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Panchi Cowri Sadhu Khan Vs. Satya Dhenu Ghosal - Court Judgment

LegalCrystal Citation
SubjectBanking
CourtKolkata
Decided On
Reported inAIR1936Cal489,166Ind.Cas.747
AppellantPanchi Cowri Sadhu Khan
RespondentSatya Dhenu Ghosal
Excerpt:
- .....execution is admitted, and it is also admitted, that payments upon the contract had been made from time to time in the past.. at the last hearing an exceedingly interesting argument was developed, however of a technical nature, which amounted to a plea in bar by way of demurrer. it was contended that this note was never presented, as it should have been within the language of the note at calcutta the place in which payment was to be made, or at all, and reliance was placed upon various sections in the negotiable instruments act which deal with the question of presentation.2. the answer to that which was made by mr. bose for the plaintiff is, i think, sound in law. he argued that the particular facts of this case brought it well within the ambit of sub-section (d) to section 76,.....
Judgment:

Cunliffe, J.

1. This is a simple case upon a promissory note, in which I have the advantage of having a considerable argument on an earlier occasion from Mr. Das who appeared for the defendant. On the last occasion I expressed a wish that the case should be definitely disposed of to-day, but on being called on Mr. Das asked for a further adjournment on the ground that one of his witnesses was not available, or rather his client was not here. But I refused his application to adjourn. This suit is on a promissory note and there appears to be very little defence upon the pleadings. The execution is admitted, and it is also admitted, that payments upon the contract had been made from time to time in the past.. At the last hearing an exceedingly interesting argument was developed, however of a technical nature, which amounted to a plea in bar by way of demurrer. It was contended that this note was never presented, as it should have been within the language of the note at Calcutta the place in which payment was to be made, or at all, and reliance was placed upon various sections in the Negotiable Instruments Act which deal with the question of presentation.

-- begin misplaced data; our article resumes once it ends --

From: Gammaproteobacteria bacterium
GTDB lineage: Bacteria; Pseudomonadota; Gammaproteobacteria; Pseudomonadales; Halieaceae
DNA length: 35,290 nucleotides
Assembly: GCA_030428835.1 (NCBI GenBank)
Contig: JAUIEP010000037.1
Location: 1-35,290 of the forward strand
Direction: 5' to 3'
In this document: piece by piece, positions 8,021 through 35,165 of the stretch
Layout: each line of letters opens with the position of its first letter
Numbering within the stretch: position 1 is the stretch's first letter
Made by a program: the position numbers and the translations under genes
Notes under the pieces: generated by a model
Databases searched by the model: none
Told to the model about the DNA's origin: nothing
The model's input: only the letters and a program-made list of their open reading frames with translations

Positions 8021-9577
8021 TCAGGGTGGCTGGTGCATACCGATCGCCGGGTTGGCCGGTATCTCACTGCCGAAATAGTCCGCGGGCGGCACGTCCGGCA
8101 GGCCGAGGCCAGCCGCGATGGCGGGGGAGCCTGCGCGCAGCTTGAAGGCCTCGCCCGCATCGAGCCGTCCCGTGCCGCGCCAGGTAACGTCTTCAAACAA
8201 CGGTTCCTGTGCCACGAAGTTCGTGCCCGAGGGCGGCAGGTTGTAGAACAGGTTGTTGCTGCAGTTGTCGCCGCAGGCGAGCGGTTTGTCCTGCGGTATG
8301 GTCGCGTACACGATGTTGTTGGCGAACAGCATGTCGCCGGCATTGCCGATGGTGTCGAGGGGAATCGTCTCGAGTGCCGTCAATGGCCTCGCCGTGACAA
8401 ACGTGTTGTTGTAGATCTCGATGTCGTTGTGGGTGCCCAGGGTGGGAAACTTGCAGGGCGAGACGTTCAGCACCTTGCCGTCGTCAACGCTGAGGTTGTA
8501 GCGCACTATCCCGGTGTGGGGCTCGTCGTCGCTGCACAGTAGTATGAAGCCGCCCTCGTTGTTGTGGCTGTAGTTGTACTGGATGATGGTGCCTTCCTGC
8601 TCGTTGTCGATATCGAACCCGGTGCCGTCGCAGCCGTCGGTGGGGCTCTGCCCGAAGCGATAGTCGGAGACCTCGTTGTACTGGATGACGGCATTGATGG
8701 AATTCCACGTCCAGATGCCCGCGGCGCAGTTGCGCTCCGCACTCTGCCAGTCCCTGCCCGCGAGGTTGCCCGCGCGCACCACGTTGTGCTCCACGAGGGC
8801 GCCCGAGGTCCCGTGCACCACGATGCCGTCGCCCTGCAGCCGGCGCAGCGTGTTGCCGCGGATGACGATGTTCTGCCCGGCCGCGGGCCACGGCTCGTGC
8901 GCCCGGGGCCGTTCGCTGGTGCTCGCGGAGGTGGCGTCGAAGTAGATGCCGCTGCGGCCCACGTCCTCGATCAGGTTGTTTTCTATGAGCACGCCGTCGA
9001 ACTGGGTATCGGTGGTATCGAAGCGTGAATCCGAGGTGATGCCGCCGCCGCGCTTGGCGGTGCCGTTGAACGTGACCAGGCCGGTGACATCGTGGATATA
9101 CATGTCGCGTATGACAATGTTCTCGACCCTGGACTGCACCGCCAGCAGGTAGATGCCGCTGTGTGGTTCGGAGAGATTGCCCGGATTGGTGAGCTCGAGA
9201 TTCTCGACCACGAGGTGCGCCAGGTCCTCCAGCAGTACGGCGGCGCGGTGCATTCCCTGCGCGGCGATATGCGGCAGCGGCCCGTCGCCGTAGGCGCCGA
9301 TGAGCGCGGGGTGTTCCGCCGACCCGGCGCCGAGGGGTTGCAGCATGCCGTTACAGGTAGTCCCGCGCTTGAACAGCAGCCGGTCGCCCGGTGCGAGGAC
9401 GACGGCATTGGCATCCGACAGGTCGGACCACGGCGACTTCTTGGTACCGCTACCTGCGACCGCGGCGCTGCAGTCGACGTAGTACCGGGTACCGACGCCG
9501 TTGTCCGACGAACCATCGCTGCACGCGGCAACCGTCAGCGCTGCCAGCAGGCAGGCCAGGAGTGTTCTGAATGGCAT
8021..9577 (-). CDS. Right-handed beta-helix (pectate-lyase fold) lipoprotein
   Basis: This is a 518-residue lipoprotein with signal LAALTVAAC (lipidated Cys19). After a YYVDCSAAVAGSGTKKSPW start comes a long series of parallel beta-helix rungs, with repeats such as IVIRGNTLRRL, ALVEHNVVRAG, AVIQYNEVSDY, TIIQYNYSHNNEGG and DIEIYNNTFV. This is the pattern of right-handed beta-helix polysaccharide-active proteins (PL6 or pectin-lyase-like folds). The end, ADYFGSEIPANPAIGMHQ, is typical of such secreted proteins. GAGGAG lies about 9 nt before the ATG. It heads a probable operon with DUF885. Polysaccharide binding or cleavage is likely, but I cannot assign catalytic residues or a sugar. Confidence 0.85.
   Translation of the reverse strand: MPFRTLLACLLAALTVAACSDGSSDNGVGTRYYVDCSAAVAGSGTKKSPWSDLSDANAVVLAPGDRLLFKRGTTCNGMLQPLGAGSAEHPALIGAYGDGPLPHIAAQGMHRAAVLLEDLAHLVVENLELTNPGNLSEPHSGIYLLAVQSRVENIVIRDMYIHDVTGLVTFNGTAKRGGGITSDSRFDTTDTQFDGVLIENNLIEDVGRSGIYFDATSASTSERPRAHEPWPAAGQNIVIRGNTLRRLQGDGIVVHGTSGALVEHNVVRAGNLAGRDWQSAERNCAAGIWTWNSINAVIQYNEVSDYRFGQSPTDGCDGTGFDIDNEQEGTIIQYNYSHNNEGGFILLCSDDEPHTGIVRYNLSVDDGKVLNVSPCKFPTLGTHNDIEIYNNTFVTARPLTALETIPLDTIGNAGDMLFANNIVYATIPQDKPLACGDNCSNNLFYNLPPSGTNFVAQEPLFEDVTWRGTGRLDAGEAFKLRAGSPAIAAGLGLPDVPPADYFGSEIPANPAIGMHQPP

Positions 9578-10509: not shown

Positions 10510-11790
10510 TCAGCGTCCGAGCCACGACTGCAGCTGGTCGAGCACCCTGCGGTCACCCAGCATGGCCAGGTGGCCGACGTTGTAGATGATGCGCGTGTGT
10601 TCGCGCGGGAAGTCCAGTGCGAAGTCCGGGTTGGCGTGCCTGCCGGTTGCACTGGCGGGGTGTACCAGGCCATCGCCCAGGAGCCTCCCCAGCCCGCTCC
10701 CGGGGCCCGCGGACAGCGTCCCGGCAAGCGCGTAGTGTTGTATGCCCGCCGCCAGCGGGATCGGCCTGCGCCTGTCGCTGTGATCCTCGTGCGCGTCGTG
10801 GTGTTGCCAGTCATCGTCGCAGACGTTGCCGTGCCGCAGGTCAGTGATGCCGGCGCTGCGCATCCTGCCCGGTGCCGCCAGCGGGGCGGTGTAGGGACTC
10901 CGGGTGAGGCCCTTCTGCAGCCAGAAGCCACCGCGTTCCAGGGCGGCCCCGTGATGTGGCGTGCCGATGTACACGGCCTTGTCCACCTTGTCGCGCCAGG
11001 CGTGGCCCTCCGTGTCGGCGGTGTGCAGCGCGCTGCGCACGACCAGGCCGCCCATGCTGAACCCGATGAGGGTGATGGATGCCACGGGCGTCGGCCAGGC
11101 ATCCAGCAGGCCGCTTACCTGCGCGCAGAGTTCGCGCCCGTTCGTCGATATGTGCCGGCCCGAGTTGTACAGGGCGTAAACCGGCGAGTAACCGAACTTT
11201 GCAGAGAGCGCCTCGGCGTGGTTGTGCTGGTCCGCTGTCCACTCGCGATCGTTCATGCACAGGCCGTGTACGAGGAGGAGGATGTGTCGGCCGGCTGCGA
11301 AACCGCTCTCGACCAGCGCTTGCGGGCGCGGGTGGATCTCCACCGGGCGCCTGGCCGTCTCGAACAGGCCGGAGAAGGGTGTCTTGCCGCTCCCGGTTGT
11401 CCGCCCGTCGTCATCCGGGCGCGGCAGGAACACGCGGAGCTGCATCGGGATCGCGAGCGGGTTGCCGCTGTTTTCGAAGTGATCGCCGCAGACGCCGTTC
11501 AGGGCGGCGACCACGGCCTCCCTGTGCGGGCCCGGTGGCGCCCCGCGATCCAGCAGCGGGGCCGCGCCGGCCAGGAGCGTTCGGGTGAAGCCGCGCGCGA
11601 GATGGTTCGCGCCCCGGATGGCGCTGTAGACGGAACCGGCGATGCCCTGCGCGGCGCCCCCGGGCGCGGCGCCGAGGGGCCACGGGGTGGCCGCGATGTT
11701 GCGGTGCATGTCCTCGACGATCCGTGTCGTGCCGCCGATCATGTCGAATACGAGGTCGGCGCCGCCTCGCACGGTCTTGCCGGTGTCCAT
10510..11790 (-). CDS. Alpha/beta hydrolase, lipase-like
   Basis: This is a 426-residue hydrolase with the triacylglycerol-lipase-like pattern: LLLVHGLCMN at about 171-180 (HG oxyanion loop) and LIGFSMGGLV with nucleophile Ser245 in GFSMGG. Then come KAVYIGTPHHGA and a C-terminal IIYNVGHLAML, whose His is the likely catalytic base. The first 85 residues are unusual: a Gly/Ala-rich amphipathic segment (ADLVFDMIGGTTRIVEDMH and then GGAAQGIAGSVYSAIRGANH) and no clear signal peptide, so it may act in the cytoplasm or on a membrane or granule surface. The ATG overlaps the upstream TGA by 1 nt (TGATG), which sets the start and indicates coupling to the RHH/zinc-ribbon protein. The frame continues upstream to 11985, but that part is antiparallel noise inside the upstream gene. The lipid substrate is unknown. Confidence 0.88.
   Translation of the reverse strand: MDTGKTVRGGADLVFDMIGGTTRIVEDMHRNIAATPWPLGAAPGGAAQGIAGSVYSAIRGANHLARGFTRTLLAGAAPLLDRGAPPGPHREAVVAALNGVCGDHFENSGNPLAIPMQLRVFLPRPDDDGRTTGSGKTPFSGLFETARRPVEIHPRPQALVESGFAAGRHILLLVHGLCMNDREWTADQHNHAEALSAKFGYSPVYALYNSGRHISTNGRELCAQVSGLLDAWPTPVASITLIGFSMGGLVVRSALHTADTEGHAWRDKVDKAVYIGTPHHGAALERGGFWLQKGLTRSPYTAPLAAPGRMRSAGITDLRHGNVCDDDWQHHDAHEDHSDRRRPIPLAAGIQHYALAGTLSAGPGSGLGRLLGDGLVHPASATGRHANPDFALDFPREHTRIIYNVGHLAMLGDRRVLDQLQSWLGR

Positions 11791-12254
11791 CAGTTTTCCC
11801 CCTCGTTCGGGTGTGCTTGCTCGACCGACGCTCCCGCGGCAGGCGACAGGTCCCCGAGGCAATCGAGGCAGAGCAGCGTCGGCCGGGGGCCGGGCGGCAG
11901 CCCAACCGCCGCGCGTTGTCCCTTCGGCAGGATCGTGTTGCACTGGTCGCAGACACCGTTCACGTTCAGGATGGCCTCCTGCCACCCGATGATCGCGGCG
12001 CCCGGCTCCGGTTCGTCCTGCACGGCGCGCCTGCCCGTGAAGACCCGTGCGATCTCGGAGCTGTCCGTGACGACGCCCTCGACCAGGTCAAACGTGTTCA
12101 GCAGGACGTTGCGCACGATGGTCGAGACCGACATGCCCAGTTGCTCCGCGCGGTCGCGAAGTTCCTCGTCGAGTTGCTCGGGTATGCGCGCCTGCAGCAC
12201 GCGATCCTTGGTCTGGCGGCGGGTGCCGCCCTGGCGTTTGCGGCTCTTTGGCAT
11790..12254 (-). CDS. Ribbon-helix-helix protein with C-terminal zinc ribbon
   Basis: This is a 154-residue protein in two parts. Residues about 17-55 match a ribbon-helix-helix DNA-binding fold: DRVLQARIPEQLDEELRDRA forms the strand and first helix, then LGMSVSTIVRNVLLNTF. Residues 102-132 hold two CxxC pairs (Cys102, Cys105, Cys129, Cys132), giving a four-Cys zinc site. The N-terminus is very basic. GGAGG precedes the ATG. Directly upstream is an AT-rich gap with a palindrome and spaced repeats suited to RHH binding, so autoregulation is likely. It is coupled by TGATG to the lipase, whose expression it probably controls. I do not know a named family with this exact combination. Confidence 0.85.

2. The answer to that which was made by Mr. Bose for the plaintiff is, I think, sound in law. He argued that the particular facts of this case brought it well within the ambit of Sub-section (d) to Section 76, Negotiable Instruments Act, and that subsection indicates that where no hardship is shown in the case of a note which has not passed into other hands but is still in the hands of the drawer, the drawer cannot possibly say to any body that he is going to suffer any damage for want of presentation. Now, this seems to me to be exactly this case. It is acknowledged that the note was properly executed. It is acknowledged also that the money passed, as I have said, and here we find too that from time to time the drawer showed that he recognized his indebtedness by making various payments. In these circumstances it seems to me that there is no defence to the action at all, and I shall give judgment for the plaintiff for the amount claimed with a deduction of Rs. 910 being an amount which is not mentioned in the plaint. The costs will follow the event. The plaintiff will also be entitled to interim interest.


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